Red, white, rose, sparkling: Which wine is the healthiest?

And which gives the worst hangovers

It’s long been a common held belief that ‘everything in moderation’ is probably the best route to a long and healthy life - just ask any of the Supercentenarians, the small group of human beings who have lived past the age of 110.  A few, like Jeanne Calment, who lived to the ripe old age of 122 in France, swore by a diet of olive oil, chocolate and port - two of which are not typically first on the doctor’s list of cure-all tonics.

There’s no disputing the fact that a glass of red wine is high in antioxidants, which can help prevent certain cancers, help maintain a healthy heart and offer benefits to one’s mental health too.  Recent suggestions also point to the fact that white wine may offer similar benefits. However, are there certain wine brands that are healthier than others?

The Audacia winery in the Stellenbosch region of South Africa has firmly staked its claim to just this with its 2013 Merlot release.  It offers a unique production technique whereby traditional sulphite preservatives are substituted for the ingenious use of Rooibos, which, in itself, is high in antioxidants, as well as Honeybush wood to preserve the flavours in the wine.  The winery points out that:

‘The launch of this new category of wine will allow people who are allergic to Sulphur Dioxide (SO2), or other preservatives often used in winemaking, to enjoy a glass of wine without the normal side effects associated with sulphite preservatives.'

Whilst this sounds vaguely far-fetched and marketing driven, the winery does have a valid point. Both Rooibos and Honeybush are low in tannins, which, to those drinkers with a higher degree of sensitivity, is likely to produce a greater hangover the morning after. The same applies to the sulphur dioxide, which is traditionally added to wines as a preservative.

Despite the richness of their antioxidant properties, big bold tannic red wines, like Tempranillo and Petit Verdot are likely to cause you a little more trouble in the morning hangover department. However, one of the major causes of, as Withnail eloquently put it, 'a bastard behind the eyes' is dehydration, so drinking a more refreshing style wine, such as a lighter white or Champers is just as likely to fool your palate into thinking you're not thirsty and everything's ok.  The simple rule is to follow each glass of wine with a glass of water and avoid dehydration altogether. 

Red wine has been proven to contain levels of a natural compound called resveratrol, which is beneficial to improving the spinal bone density of those suffering from Metabolic Syndrome, a combination of diabetes, high blood pressure and obesity – and can lead to heart disease and stroke.  A study published by the American Journal of Enology and Viticulture in 1995 indicated that wines produced using the Pinot Noir grape contained the highest levels of resveratrol, but that wines such as Australian Shiraz, Sangiovese from Italy and French Burgundy also contained high levels of the compound.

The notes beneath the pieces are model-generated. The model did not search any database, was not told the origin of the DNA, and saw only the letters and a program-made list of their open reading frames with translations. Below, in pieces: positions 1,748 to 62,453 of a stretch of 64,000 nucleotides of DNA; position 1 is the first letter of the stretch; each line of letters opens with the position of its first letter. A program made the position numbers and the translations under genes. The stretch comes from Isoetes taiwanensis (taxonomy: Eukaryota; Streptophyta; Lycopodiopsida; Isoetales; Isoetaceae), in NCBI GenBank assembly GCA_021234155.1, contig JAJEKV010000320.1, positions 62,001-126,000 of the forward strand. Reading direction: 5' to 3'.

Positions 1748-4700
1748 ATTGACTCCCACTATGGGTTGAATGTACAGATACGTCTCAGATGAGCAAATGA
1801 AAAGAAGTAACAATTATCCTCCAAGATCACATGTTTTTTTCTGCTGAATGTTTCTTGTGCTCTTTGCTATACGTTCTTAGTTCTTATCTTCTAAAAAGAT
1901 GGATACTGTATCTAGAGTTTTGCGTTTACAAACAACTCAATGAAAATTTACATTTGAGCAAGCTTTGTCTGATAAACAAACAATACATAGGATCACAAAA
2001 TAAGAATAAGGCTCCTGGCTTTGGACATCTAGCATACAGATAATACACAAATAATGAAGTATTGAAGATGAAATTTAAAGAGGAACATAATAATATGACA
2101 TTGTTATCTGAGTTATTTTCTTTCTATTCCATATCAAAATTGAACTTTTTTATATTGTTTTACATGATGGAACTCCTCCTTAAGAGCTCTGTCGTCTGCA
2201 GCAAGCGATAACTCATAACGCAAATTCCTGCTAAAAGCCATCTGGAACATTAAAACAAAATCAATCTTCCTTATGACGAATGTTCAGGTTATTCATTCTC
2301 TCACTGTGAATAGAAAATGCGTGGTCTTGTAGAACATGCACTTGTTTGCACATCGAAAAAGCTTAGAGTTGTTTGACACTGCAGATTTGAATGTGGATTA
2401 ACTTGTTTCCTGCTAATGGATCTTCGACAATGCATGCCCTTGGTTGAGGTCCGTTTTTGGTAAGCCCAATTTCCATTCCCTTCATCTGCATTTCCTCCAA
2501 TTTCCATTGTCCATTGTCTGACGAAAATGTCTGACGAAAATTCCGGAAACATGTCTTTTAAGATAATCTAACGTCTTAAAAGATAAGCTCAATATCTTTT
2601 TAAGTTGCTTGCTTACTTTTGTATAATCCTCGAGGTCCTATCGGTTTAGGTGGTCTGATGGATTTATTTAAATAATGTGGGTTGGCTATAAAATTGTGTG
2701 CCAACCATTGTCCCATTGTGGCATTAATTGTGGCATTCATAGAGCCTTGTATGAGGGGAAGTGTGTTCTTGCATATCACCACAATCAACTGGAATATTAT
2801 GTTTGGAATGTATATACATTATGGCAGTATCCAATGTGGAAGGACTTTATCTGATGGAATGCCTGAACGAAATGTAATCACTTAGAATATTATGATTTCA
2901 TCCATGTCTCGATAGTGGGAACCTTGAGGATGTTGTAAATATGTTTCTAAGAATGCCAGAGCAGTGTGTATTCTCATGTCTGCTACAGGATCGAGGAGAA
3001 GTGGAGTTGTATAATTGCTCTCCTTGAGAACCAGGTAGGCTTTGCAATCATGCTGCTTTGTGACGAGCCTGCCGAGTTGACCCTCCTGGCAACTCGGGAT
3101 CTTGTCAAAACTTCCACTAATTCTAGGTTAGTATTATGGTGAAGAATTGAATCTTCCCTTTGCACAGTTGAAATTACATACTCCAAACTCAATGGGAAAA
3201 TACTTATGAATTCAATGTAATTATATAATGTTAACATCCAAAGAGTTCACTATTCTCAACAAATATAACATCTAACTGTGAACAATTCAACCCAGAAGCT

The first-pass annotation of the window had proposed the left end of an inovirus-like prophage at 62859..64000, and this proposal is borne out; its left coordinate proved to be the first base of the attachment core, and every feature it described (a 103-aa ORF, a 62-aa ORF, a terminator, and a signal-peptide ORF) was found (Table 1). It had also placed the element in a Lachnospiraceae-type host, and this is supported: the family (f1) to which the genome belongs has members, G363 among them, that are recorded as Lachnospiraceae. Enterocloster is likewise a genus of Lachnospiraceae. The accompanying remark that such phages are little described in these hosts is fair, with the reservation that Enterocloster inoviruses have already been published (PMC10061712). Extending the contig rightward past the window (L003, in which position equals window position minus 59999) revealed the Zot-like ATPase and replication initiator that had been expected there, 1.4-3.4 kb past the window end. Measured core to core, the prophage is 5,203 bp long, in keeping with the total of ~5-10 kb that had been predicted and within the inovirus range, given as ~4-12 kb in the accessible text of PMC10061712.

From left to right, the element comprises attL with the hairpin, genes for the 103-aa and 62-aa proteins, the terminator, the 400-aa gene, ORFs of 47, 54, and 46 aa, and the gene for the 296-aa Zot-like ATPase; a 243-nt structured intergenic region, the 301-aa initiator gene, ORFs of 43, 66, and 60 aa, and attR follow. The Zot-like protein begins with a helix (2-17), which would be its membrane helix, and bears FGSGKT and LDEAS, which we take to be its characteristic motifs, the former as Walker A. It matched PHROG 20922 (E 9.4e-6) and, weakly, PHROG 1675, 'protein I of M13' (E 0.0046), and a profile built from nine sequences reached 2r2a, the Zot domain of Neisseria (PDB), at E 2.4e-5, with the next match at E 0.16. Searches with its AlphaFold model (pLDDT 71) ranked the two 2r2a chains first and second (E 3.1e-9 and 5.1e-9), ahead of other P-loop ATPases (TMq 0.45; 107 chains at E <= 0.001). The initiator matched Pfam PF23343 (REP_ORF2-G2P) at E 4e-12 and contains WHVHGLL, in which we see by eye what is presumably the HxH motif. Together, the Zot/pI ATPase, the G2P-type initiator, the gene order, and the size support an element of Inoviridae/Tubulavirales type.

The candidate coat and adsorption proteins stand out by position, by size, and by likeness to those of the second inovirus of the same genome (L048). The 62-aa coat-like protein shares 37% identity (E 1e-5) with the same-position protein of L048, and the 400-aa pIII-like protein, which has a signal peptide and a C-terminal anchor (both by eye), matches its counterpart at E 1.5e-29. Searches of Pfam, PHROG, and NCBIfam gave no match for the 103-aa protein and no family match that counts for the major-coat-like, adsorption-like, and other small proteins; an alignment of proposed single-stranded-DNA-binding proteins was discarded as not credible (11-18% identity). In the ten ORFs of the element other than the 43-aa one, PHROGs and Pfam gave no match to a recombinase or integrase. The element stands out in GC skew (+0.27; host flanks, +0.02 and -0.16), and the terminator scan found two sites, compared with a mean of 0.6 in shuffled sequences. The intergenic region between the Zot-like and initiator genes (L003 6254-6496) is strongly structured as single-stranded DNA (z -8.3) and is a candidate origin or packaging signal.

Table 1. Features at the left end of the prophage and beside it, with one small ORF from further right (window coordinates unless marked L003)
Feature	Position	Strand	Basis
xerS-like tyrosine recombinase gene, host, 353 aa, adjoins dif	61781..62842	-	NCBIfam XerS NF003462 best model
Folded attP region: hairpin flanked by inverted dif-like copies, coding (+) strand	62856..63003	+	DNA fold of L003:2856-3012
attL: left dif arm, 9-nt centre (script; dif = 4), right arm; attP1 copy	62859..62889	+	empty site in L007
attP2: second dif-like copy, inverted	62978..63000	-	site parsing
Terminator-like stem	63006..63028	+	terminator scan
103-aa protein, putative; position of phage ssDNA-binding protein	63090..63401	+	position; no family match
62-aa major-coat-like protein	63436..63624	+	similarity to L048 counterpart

There is also the calorific content of a glass of wine to consider, when weighing up its health benefits.  A recent EU directive has called for the ‘hidden’ calorie count of all wines to be disclosed on the label, much to the agitation of the producers.  According to DrinkAware.co.uk, a large glass of red wine can contain, rather surprisingly, as many calories as a Cornetto ice cream, but concedes that the ABV strength of the wine has a huge influence on calorie content, as alcohol contains about seven calories per gram.

When it comes to Rose wine, the sweeter the wine, the higher the calories. A large glass of Rose will on average be around 200 calories, so indulge in more than a couple and you're suddenly into bacon sandwich territory. 

For those who think a glass of Champagne is pretty much guilt free - think again.  Although the drier Brut styles are lower in calories (around 90), sweeter varieties contain far more - almost 160 in some super-sweet cases.  A glass of dessert wine weighs in with a far higher calorie content – sometimes between 250 and 275 calories, which is effectively the same as munching through three chocolate digestive biscuits.

Several producers offer low calorie Champagnes, but for those who are truly that worried about watching their weight, there’s always a glass of sparkling water…

If you fancy exploring the heath benefits of wine further, you’re in luck. Next week is London Wine Week and across the capital, scores of bars are offering drinkers the chance to explore a wide variety of wine styles with masterclasses, tutored tastings, supper clubs, ‘meet the maker’ evenings, as well as its fair share of parties in selected venues.

Wristbands for entry into many of the events from the 18 - 24 May are £10. For more information, visit http://www.londonwineweek.com/

Neil Ridley is the joint author of Distilled, a guide to the finest artisan spirits from Absinthe to Whisky, priced at £14.99

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